When a translated document is edited, it is fully checked against the source materials and involves making sure that correct terminology was used. The editor not only checks for accuracy, spelling and grammar mistakes, typos and awkward phrasing, but also verifies the content of the text. This is achieved by researching each term that raises a doubt, or even terms that are unknown to the editor, just to ensure the correct terms were used. This typically involves research – whether online or in specialized dictionaries – accompanied by recommended corrections. Usually, when working in Word, the track changes feature is used, and sometimes only comments are added through the commenting tool of Word. In either case, the editor only recommends changes and does not implement them. This is because, when there are errors, it is usually up to the original translator to correct their own mistakes (many translators have a clause in their contract for this, as well as agencies). So, the recommendations of the editor are usually sent back to the translator first so that he/she can correct his/her mistakes, and only then is the text proofread, if it needs to be at all.
One of the most common mistakes seen in translations is what is known as a calque. A calque is a word or phrase borrowed from another language and can often be described as a word-for-word or a literal translation. As translators are often multilingual, at times a certain word or phrase may sound completely natural to them in their own mother tongue when in fact, although one can understand the meaning of the phrase, it is not typical of the target language (the language the document is translated into). For example, translating the French phrase il existe… as “there exists”, instead of “there is”.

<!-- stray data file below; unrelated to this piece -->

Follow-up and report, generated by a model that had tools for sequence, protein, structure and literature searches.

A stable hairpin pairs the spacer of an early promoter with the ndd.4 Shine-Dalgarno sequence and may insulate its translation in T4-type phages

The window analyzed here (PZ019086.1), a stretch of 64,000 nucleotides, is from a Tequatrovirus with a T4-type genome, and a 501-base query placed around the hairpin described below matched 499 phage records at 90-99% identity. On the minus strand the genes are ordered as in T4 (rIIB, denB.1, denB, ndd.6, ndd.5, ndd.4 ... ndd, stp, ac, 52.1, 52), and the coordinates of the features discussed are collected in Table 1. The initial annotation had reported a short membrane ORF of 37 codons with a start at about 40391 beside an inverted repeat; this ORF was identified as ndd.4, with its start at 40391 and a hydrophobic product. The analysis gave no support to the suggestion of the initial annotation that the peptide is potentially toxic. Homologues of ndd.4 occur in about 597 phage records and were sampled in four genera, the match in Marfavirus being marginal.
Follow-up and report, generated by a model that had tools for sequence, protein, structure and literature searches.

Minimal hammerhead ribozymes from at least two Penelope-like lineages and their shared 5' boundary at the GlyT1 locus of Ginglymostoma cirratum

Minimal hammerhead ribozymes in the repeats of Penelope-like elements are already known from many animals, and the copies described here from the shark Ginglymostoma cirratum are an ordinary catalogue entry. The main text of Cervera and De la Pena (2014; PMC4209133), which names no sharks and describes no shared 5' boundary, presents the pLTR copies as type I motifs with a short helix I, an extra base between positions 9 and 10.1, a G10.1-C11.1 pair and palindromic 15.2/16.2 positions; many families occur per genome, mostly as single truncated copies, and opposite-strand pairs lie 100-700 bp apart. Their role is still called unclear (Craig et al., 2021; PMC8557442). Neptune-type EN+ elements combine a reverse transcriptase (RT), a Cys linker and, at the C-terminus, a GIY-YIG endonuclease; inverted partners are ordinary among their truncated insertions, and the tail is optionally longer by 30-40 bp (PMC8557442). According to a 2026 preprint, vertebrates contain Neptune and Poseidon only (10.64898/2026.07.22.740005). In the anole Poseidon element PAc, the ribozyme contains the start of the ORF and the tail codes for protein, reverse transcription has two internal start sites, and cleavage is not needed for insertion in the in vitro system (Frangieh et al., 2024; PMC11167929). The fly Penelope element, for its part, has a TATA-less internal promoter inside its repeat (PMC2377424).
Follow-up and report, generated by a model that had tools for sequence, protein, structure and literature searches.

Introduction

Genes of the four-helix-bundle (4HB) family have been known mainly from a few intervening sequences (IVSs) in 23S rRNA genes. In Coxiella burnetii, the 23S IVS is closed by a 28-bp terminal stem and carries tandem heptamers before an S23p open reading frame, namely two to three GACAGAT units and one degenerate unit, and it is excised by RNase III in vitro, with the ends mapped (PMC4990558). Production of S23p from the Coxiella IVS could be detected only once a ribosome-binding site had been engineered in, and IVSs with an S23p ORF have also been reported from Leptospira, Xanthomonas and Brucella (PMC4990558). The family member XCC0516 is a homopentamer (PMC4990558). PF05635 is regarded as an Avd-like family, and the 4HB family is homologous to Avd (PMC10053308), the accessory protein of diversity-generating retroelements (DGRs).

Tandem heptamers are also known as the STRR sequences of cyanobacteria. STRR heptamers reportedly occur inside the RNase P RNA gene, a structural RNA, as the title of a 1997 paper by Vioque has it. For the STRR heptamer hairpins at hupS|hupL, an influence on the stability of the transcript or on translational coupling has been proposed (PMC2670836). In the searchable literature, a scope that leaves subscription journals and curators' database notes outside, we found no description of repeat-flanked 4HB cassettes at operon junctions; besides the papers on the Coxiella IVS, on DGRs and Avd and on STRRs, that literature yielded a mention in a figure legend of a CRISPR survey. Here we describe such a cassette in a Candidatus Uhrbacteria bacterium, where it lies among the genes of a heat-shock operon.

This can often happen with false friends, for example, when translating “eventually” into Spanish, one may often see “eventualmente“, instead of “finalmente“. Another mistranslation we have seen recently was that of “Emergencias” instead of “Urgencias”, a calque from the English “Emergencies”. Mistakes like these can easily happen to Spanish translators who spend a considerable amount of time reading in English.
Lack of Localization
Localization is slightly different from translation in that it requires a comprehensive study of the target culture to be able to adapt the text to the specific country or culture. Localization is mostly needed for product information or marketing campaigns. The localization process might include adapting graphics, adopting local currencies, using proper forms for dates, addresses and phone numbers, the choices of colors, etc. All these changes aim to recognise local sensitivities to avoid conflict with local culture and habits. Localization aims to offer country-specific websites of the same company, or different editions of a book depending on where it is published. When there is a lack of localization, quite humorous mistakes can be seen. For example, when the Chevrolet Nova was released in Spanish speaking countries, sales were not as high as expected given that, in Spanish, “no va” means “doesn’t go”. In a similar case, Mazda released a car called Laputa, and were asked to change the name by distributors in Spanish speaking countries, as “la puta” means “the prostitute”.